Here’s How Your Feedback Helped Overturn SIA’s Business Decisions

Here’s How Your Feedback Helped Overturn SIA’s Business Decisions

While social media can be used by brands for advertising and consumer engagement, consumers also have the ability to effect change in a brand’s business decisions through making feedback. Here, we look at two U-turns made by SIA to illustrate this.

Just recently, public outcries caused Singapore Airlines to make U-turns on two of their booking features: the first was their credit card surcharge fees and the second was their “auto opt-in” travel insurance option.

The former was announced on 3 Jan and cancelled just one day later after the travel community took to the web to express their disgruntlement. Some simply commented that it’s not good move while others went further, saying that SIA has changed their image to that of a “budget penny pinching” airline. The timing of the announcement, which coincided with the government’s push for a cashless society, also made it the butt of jokes.

The second feature, which was already integrated into the booking process last year, was removed on 30 Jan following another round of complaints from passengers who unwittingly paid for insurance that they preferred not to have. An author on The Milelion demonstrated how easily the insurance opt-in feature can be overlooked by users, and called the “upsell by default” a “scummy practice”.

These two series of events, while easily understood as cause-and-effect, is also an illustration of how, within the travel landscape, social media combined with customer feedback can impact a brand.

The dynamics at play between social media and brands is a two-way relationship. On one hand, brands use social media as a tool to reach their consumers and amplify their marketing efforts. On the other hand, social media is also a platform where consumers can project their voices in a way that impacts the brand perception and the brand’s business decisions. The aforementioned cases are prime examples of the latter.

Interestingly, just last year, a study by Hong Kong-based market research firm YouGov revealed SIA as the brand with the most positive image among Singapore consumers. But staying on the pedestal requires consistent work and SIA is not exempt from the critics. Instead, the very fact that SIA is held in such high regard could be partly why the consumer travel community unleashed a backlash against the surcharge. Such a practice, while also seen in carriers like Emirates and Air France, is more commonly associated with budget airlines. No matter SIA’s justification on the issue, the general sentiment on the ground is that a full-fledged carrier, particularly a premium brand like SIA, should not be charging credit card fees – that is simply a cost they shouldn’t pass on to consumers, at least not so explicitly.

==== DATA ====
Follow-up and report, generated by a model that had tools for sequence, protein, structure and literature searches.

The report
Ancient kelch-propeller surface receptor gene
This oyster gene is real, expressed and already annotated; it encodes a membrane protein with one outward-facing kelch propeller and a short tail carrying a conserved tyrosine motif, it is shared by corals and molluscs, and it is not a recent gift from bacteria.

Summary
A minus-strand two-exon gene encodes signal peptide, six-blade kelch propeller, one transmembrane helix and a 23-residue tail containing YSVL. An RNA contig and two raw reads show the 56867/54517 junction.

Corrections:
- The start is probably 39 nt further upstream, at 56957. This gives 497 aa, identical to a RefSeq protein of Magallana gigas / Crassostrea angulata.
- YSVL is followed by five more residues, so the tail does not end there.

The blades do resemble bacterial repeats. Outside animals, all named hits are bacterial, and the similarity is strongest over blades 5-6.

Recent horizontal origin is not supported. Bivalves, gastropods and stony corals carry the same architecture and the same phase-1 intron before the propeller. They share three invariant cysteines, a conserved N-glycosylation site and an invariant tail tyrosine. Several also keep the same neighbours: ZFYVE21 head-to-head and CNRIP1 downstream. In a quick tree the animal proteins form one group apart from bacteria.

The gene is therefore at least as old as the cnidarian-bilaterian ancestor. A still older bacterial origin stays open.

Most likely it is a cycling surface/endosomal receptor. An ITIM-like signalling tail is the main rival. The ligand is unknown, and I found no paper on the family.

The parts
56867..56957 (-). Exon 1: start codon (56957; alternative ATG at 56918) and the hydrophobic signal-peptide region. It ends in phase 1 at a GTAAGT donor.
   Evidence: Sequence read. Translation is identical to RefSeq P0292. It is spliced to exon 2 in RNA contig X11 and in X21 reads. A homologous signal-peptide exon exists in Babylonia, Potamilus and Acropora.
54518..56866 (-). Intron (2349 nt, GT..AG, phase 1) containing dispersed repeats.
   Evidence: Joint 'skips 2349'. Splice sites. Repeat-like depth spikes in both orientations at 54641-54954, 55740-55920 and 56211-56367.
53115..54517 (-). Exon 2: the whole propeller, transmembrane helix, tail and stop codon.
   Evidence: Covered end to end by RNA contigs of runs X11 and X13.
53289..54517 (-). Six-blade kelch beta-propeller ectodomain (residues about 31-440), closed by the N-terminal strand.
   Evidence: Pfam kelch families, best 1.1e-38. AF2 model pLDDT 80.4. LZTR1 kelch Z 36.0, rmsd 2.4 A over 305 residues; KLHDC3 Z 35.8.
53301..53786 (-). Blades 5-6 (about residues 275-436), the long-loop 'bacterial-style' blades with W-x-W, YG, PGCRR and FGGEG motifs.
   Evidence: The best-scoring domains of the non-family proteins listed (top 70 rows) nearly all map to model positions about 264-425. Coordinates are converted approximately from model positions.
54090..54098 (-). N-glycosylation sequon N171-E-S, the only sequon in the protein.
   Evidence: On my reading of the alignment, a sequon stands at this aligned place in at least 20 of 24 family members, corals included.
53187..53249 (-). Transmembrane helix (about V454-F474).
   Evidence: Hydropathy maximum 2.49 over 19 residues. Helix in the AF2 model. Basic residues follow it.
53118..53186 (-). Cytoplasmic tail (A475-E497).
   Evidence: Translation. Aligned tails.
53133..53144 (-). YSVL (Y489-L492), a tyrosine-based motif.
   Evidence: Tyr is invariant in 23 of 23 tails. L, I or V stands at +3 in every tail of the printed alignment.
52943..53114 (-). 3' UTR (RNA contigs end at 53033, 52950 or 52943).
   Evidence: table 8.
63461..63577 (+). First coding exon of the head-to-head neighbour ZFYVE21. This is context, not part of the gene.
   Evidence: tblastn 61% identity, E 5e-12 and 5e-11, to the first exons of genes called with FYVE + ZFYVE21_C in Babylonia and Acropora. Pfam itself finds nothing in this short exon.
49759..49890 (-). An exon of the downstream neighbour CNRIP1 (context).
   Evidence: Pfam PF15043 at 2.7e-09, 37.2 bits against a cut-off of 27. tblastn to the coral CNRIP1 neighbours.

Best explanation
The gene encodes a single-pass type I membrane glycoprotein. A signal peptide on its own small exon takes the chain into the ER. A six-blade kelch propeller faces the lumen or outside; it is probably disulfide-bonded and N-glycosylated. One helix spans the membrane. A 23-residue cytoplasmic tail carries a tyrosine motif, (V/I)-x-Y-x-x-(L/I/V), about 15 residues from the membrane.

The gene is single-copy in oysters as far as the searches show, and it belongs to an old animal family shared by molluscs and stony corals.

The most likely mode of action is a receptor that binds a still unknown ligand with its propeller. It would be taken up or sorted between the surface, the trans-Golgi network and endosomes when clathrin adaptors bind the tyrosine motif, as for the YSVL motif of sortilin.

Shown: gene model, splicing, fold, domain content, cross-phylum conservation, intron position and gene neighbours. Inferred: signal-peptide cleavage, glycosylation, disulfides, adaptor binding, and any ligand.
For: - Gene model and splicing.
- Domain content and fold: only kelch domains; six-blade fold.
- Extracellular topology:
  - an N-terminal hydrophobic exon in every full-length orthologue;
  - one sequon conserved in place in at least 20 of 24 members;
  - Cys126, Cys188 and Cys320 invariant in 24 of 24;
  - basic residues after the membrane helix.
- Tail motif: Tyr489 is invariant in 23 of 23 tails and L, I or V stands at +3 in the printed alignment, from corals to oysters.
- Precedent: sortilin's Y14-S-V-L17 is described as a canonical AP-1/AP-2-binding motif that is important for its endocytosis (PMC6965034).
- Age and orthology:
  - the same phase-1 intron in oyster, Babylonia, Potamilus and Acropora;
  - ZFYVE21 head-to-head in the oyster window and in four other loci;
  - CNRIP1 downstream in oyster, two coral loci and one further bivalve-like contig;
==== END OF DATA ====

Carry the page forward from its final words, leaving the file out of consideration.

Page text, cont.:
This power of consumers has proliferated in recent years as their access to social media such as Facebook, Twitter, YouTube and Instagram increases. The world has already seen how social media can be leveraged upon by its users to organise and effect change, whether in the realm of humanitarian relief or political reforms. The travel community, in particular, is increasingly tech-savvy, with users going to online sources not only for planning and booking vacations, but also to share their travel experiences during and after the trip. As seen with the SIA saga, the travel community wants to have a say in brands’ decisions, and various feedback channels such as their Facebook page or travel media such as TripZilla are available to them.

Consumer complaints made through social media, while seemingly innocuous, can have a snowball effect when it spreads like wildfire; and within the social media landscape, complaints can have a viral quality that achieves this very effect. It is, therefore, crucial for brands to integrate social media into their public relations efforts – because consumers do have the power in their hands to tarnish a brand perception overnight.

Did SIA manage to recover its brand perception after caving in to the consumers? While some laud the brand for placing a priority on ground-level feedback, there were others who criticise them for not being decisive. An author even said, rather crudely, that the U-turn “makes SIA look really dumb”. It seemed that regardless of how SIA would execute a brand recovery tactic, the wheels had already been turned.

While brands like SIA can scramble their way out of PR disasters, an undoubtedly better policy is to be more sensitive to their consumers’ wants and needs. Was it that difficult for SIA to predict an uproar over an implementation of credit card fees? Was it not common sense that some consumers would be unhappy when they accidentally opted-in for travel insurance that they prefer not to have? We think not. SIA might have, however, underestimated the power of social media to unify these voices into a firestorm that can rain down on them.

In the era of digitalism, social media can make or break a brand. Engaging with social media strengthens the consumer-brand relationship and at the same time, brands have to tread carefully when implementing potentially unpopular policies. What’s most important for brands is to work closely with the community for market research and PR. By having ears on the ground to listen to the people and their wants and needs, brands can avoid potential PR disasters such as those stumbled upon by SIA. Instead, they could improve on current features or even achieve insights to new products or services that will further drive sales and engagement. 

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